Will Brexit harm UK patent law?

Patent lawyers from England and Wales are to visit the US this spring for a series of roadshows, aimed and sending across the message that their work will be unaffected by Brexit.  The roadshows will take place in Washington DC, Boston and San Francisco with the new president of the Chartered Institute of Patent Attorneys (CIPA) Julia Florence taking part.

Florence, a former patent lawyer at pharmaceutical giant GSK, said:

‘We know that, following Brexit, the government is keen to negotiate trade deals outside the EU and we need our voice to be heard in relation to the intellectual property aspects of such agreements.”

“Our key message to our US colleagues, for whom we conduct much European work, will be that, because the European Patent Office is not an EU institution, our work for them in Europe can continue unaffected.”

Other notable figures who are set to attend are the Members of the Chartered Institute of Trade Mark Attorneys, the UK Intellectual Property Office (IPO) and His Honour Judge Colin Birss. Leading IP law firm Bird & Bird are set to also host a panel session at the event in San Francisco.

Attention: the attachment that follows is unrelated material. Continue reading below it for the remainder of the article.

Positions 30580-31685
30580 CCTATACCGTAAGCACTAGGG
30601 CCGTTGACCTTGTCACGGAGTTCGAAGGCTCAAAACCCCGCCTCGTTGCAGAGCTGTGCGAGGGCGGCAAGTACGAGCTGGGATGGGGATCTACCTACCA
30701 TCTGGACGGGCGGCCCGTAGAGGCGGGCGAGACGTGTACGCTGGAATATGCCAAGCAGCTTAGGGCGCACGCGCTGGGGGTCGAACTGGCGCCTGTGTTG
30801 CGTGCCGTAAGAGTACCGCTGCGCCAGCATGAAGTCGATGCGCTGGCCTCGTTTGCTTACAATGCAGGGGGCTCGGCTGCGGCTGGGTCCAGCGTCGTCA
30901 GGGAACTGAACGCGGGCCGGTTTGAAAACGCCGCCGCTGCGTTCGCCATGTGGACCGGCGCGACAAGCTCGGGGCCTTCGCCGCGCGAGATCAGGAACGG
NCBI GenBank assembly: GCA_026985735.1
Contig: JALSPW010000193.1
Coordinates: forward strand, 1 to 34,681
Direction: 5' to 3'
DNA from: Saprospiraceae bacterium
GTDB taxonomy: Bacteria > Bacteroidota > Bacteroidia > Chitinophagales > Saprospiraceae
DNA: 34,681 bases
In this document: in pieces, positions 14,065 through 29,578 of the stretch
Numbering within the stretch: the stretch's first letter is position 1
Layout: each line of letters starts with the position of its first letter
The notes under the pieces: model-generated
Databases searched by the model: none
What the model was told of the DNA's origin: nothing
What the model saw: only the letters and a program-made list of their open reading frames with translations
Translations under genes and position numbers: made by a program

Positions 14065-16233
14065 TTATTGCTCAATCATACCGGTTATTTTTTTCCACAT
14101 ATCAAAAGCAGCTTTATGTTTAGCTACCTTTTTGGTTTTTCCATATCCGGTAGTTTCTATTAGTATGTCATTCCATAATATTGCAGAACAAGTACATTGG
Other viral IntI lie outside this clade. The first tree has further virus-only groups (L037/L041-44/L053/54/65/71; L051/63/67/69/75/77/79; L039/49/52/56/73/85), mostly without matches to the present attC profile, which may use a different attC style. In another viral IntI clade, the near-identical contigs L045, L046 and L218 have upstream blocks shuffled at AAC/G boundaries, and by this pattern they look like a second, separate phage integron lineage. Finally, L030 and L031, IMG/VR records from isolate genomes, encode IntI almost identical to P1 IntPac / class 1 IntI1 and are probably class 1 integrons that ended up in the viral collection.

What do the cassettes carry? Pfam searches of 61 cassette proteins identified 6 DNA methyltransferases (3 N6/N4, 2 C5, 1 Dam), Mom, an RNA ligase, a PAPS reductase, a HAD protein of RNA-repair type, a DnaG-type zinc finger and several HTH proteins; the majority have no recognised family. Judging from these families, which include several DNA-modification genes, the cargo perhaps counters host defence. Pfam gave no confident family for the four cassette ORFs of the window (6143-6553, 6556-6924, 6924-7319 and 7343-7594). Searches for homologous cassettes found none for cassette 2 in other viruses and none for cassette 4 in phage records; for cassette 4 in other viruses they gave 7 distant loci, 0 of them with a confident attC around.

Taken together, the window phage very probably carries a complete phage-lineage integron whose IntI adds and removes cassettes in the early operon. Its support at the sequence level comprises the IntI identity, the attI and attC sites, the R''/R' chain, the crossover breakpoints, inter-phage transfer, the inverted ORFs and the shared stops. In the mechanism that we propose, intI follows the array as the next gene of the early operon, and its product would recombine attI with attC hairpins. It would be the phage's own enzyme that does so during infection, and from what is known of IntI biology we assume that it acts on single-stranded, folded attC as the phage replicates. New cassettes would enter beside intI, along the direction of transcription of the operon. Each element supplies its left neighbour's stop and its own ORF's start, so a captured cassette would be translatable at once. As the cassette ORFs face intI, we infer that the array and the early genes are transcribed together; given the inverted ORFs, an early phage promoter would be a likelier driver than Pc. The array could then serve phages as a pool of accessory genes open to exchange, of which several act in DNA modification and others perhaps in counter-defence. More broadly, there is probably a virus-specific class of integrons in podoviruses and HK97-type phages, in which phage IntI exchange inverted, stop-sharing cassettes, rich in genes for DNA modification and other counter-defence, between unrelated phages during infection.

Florence added:

“In these uncertain and challenging times it is important to keep our eyes on the Brexit ball, and its aftermath, and to promote the UK’s IP services to our key markets once we have more clarity.”

“We will also be giving updates on other aspects of IP and will promote the UK as a hub for intellectual property services and dispute resolution.”.

The future of the Unified Patent Court (UPC) equally remains uncertain. This is an international court open to EU member states aimed at resolving disputes over unified patents. The UK is one of three countries who must ratify the proposals for the court to come into force. However, the UK has given assurances that it will remain part of the system, regardless of the Brexit outcome.

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